In this post, Nathan Busenitz, whose book Long Before Luther I wrote about here, cites patristic statements that he believes support the view that the elements of the Eucharist are symbolic and commemorative; he states that Catholic apologists misunderstand the patristic passages that appear to support a “real presence” in the elements of the Eucharist.  Meanwhile, some Catholics in the comments section accuse him of misunderstanding.  And this Catholic article trots out patristic statements, from many of the same people whom Busenitz cites, that appears to support Christ’s “real presence” in the Eucharist.  Could the reality be that they believed in both/and, or does one view preclude the other?

I wondered if the Waldensians of the twelfth-thirteenth centuries believed in the “real presence.”  The reason that they came to mind was due to my Armstrongite heritage, which depicted them as part of the “true church” in the medieval era.  What I found was different people saying different things.  Here and here, one can read the view that the Waldensians rejected transubstantiation.  Here, one can read the view that they believed in it.

Another comment on this issue: I think that, in John 6, eating Christ’s flesh and drinking his blood relates to believing in Jesus and coming to him, not so much the Eucharist.  I believe that on the basis of v 35: “And Jesus said unto them, I am the bread of life: he that cometh to me shall never hunger; and he that believeth on me shall never thirst.”  But I can understand that other Christians interpret eating Christ’s flesh and drinking his blood in John 6 in light of New Testament passages about the Lord’s supper, which call the bread Jesus’ body and the wine his blood (Matthew 26:26-28; Mark 14:22-24; Luke 22:19-20; I Corinthians 10:16; 11:24-27).

A question: Does the Missouri Synod believe that communion services that do not believe in the “real presence” can still contain the “real presence” and be legitimate communion services?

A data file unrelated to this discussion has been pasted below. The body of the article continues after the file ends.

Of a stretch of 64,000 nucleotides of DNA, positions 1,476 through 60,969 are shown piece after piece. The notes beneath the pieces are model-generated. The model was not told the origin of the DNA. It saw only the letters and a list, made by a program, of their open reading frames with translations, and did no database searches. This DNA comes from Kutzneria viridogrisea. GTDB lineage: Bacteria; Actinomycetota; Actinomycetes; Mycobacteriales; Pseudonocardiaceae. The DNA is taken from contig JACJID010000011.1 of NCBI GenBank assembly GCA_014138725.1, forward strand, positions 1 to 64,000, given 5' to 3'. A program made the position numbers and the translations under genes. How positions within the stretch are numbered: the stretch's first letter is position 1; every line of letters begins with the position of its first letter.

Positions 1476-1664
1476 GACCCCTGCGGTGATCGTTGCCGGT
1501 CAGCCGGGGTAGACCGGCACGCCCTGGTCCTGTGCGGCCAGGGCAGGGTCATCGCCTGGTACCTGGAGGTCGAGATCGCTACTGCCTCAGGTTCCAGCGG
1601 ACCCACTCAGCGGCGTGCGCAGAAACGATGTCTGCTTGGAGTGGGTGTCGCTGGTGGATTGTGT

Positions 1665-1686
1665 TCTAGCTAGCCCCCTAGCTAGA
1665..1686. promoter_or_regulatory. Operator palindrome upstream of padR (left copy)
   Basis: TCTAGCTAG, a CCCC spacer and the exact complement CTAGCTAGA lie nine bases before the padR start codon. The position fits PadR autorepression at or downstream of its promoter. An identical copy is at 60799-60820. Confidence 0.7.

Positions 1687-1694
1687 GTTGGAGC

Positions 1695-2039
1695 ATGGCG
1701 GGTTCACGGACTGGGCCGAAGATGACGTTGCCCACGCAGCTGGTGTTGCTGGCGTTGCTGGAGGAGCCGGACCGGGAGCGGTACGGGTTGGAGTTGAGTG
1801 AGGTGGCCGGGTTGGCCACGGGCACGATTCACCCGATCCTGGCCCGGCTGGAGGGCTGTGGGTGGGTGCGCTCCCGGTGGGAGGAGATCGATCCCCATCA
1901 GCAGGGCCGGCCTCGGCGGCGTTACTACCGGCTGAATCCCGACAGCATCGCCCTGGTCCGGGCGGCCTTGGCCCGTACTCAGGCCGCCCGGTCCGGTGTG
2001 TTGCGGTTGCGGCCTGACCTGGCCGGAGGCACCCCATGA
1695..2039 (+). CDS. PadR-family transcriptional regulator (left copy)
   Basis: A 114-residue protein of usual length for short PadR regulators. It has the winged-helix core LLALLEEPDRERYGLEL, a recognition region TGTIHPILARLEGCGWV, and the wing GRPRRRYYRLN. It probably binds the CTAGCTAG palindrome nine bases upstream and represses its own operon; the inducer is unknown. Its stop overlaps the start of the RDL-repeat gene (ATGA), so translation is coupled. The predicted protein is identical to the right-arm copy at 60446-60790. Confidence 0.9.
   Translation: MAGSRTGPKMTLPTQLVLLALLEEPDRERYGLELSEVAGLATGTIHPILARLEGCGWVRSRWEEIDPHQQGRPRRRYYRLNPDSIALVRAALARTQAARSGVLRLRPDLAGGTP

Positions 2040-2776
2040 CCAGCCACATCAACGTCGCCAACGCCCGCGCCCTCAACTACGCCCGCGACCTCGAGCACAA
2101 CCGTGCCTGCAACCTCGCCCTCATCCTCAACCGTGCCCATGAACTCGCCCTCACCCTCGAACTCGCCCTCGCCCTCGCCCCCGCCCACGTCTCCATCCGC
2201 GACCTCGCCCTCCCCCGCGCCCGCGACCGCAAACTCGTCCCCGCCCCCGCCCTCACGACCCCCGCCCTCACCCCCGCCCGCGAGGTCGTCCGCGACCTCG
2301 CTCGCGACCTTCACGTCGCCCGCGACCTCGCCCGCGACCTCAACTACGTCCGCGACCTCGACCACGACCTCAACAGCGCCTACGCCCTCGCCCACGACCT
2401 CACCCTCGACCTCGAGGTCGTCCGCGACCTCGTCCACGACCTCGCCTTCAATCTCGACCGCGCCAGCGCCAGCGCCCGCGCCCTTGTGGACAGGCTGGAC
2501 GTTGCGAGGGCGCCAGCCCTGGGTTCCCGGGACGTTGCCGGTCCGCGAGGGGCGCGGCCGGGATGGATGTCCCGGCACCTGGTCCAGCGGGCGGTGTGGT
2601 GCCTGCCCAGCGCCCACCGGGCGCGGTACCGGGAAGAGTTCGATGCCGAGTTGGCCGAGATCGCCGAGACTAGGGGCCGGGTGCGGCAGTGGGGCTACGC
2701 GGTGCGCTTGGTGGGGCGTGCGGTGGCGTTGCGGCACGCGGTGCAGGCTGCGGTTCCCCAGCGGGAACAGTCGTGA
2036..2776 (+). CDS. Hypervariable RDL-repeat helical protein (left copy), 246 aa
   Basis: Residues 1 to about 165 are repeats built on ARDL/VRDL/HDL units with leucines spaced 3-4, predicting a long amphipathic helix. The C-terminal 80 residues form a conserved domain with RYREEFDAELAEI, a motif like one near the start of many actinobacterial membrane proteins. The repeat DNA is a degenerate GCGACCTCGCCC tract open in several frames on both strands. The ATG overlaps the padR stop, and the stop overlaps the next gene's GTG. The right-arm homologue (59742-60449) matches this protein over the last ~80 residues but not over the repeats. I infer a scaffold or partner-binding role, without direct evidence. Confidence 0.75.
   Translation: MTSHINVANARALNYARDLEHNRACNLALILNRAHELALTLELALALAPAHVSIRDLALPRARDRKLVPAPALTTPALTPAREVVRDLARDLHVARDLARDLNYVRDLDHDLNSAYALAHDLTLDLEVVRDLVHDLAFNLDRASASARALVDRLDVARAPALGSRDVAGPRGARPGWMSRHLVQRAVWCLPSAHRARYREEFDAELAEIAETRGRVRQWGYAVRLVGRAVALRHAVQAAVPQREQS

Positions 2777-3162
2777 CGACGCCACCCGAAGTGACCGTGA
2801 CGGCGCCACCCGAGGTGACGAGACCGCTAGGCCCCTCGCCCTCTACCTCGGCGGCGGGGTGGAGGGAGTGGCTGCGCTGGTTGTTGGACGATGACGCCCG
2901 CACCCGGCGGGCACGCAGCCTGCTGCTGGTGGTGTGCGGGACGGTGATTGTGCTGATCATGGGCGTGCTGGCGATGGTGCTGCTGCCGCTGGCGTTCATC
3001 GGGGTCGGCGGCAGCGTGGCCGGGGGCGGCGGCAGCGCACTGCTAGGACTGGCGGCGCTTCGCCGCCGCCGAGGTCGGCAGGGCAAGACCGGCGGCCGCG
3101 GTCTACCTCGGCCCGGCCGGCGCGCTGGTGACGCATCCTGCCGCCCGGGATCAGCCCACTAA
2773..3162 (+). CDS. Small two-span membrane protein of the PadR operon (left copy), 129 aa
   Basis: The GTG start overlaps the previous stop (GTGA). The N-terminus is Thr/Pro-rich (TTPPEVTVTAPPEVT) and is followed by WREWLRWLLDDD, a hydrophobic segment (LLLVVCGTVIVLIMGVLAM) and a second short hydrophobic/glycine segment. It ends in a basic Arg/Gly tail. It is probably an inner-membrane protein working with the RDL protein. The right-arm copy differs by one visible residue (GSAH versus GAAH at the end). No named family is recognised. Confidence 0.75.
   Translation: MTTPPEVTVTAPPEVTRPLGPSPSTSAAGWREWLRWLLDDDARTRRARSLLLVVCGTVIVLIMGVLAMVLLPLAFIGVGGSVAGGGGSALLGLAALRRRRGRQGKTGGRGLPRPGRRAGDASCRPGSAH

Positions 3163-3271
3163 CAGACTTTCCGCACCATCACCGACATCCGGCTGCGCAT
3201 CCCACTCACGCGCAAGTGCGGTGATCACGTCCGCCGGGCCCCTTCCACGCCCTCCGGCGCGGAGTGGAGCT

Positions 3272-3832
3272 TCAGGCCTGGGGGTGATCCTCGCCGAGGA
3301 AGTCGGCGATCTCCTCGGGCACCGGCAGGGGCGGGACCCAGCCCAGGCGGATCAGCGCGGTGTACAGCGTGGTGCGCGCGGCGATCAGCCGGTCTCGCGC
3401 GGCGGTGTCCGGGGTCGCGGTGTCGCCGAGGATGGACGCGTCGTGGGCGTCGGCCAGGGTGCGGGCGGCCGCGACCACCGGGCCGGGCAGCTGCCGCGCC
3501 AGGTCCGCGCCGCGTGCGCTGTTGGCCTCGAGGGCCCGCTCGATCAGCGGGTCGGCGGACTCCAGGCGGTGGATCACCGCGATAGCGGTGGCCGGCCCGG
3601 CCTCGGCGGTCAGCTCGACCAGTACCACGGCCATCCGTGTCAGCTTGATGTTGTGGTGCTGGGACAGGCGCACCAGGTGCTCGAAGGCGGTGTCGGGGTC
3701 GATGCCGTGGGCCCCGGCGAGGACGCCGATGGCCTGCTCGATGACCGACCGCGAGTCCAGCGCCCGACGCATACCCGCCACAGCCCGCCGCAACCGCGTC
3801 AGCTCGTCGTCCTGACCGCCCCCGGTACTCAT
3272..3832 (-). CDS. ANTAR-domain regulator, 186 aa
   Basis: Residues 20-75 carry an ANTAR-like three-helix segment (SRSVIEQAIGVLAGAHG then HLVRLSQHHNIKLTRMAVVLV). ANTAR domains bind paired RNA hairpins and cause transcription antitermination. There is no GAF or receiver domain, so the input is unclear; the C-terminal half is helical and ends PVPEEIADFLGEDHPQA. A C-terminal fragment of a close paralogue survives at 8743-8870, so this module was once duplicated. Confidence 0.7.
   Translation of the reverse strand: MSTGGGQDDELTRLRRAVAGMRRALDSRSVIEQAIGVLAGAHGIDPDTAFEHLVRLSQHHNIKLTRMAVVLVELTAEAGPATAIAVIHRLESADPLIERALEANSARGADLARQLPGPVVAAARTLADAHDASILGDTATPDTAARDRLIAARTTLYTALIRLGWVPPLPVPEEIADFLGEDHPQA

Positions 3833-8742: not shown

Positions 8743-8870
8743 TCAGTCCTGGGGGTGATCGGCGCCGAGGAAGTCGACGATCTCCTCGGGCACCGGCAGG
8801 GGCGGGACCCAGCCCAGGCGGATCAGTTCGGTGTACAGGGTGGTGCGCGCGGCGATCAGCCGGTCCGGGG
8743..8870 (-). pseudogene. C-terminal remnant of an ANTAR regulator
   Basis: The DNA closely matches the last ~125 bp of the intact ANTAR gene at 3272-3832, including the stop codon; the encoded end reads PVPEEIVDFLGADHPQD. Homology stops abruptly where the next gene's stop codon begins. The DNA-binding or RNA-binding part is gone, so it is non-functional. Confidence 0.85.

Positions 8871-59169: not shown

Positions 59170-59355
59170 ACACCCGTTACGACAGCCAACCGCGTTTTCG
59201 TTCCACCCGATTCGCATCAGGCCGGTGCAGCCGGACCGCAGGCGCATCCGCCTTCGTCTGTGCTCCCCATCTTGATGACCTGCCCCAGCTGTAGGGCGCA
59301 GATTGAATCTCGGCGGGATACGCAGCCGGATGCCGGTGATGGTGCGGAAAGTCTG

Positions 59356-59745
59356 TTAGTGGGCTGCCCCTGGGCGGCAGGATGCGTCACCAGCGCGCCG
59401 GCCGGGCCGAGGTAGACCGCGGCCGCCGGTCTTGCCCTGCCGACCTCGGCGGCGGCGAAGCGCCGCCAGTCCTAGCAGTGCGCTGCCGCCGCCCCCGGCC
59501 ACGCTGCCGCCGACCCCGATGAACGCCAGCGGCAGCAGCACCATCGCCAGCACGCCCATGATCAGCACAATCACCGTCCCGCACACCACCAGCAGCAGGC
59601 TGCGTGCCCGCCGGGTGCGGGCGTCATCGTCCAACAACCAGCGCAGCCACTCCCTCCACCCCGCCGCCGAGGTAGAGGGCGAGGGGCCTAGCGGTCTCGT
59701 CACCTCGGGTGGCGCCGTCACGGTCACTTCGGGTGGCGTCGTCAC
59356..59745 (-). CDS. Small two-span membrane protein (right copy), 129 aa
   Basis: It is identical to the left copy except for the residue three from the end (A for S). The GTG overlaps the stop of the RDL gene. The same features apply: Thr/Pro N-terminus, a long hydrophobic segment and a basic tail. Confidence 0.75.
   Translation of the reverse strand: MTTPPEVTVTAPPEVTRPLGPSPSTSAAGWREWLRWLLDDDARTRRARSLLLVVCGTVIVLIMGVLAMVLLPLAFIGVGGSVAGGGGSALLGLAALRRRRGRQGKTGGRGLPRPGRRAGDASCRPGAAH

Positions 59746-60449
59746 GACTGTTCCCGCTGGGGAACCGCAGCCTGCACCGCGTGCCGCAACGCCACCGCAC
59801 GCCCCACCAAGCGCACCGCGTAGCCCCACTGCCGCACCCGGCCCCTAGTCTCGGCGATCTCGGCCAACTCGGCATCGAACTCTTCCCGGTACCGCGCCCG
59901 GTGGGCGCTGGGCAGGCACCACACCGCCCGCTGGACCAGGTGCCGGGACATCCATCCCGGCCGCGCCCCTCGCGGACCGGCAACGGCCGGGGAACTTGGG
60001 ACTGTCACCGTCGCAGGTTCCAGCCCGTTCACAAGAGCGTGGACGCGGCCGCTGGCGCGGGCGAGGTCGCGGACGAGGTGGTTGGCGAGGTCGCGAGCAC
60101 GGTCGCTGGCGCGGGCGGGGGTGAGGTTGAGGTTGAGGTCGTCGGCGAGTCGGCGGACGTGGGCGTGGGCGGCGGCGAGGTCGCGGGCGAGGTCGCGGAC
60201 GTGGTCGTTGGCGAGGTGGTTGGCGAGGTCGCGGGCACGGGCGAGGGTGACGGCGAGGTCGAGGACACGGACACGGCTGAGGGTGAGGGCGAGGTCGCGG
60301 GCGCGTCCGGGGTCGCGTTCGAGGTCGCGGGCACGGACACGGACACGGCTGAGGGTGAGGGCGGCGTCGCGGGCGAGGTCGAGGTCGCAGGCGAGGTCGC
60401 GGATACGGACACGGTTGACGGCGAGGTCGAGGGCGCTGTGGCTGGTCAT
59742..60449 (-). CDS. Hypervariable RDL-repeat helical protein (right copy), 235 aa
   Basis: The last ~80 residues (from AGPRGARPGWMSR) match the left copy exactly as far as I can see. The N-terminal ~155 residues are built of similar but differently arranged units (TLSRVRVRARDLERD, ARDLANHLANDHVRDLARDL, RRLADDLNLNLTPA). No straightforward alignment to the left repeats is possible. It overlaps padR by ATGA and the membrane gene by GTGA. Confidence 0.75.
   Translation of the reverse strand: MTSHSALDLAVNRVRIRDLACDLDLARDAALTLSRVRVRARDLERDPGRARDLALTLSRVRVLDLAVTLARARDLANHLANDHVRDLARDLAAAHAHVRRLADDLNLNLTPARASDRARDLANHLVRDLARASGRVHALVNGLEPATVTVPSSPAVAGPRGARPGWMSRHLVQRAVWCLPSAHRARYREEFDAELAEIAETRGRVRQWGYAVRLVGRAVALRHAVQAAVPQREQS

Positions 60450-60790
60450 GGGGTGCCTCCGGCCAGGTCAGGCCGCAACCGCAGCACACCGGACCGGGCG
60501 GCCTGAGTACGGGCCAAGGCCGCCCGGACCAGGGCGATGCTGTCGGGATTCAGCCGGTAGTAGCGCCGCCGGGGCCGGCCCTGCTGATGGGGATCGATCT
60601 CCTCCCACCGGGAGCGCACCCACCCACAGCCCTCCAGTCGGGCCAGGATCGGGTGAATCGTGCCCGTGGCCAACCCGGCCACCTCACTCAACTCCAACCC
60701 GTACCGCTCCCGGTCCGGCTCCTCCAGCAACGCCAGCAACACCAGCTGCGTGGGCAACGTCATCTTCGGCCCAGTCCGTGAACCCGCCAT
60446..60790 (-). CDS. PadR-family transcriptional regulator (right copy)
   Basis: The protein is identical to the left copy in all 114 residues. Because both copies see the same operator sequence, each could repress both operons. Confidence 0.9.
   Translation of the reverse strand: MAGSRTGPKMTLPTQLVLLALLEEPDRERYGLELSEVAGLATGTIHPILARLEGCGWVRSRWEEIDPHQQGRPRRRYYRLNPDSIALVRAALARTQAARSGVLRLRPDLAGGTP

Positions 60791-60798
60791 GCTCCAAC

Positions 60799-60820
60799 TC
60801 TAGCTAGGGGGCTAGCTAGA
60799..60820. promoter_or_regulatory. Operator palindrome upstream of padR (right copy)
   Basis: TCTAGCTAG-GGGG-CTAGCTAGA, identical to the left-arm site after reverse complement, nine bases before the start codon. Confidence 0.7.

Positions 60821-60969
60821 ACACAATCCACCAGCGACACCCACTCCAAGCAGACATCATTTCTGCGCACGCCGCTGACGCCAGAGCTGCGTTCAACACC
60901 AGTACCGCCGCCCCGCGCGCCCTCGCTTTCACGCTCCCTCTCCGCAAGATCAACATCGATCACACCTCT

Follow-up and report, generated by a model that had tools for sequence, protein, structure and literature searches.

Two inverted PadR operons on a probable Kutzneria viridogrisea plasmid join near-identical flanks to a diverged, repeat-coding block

C.  At the “Pen” church, the pastor preached about abiding love.  His focus was on marriage and romance.  He said that there are three Greek words for love: eros is romantic and sexual love; phileo is a friendly love that contains give-and-take but can break down under pressure; agape is self-sacrificial love that is concerned about the well-being of the other person.  The pastor said that we practice agape when we grasp God’s love towards us: that God will stay with us and will never leave.  That way, we are filled, and our love spills out towards others.  Many of us, by contrast, run on empty and the slightest thing can set us off.

Some links and thoughts:

Many evangelical preachers, writers, and laypeople assume that there is a difference between phileo and agape, when, in reality, they were often used interchangeably.  See my post here.  Still, I appreciate what the pastor was saying.  There are relationships out there that are give-and-take.  There are relationships out there that are brittle.  Hopefully, there are also relationships out there that are solid, and disinterested love is a real thing.

I recalled a sermon that a United Methodist pastor preached about three years ago, about the Parable of the Good Samaritan (Luke 10:25-37).  He said that the man who asked Jesus, “Who is my neighbor?”, did not necessarily have sinister motives.  He was just wondering something: did he have to pour out agape love on every single person, or could he do so with a few select people?  I have heard Christians casually say that we are supposed to “love everybody,” but can we?  Can we truly have a selfless, sacrificial, giving love towards everyone, even everyone we know?  Would we not naturally show that love to some over others?  On the other hand, I am not suggesting that we should only love our friends and family and forget about the outside world.  Anyway, I wrote about that sermon here, and you can read there my other thoughts about that sermon.

Finally, can I believe in God’s unconditional love for me?  That is difficult.  I can try, but, before long, some Christian will come along and say or imply that God loves me if I behave, or that I cannot use God’s love as cover for sinning, or not forgiving, or not loving my neighbor.  Then there are biblical passages about God leaving those who deny or forsake him (II Chronicles 15:2; II Timothy 2:12).  And yet, the Bible is a record of God’s faithfulness: God provides for Adam and Eve after their sin; God is faithful to disobedient Israel; Christ dies for people while they are yet sinners.

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About jamesbradfordpate

My name is James Pate. I study the History of Biblical Interpretation at Hebrew Union College in Cincinnati, Ohio, as part of its Ph.D. program. I have an M.A. in Hebrew Bible from Jewish Theological Seminary, an M.Div. from Harvard Divinity School, and a B.A. from DePauw University. This blog is about my journey. I read books. I watch movies and TV shows. I go to church. I try to find meaning. And, when I can’t do that, I just talk about stuff that I find interesting.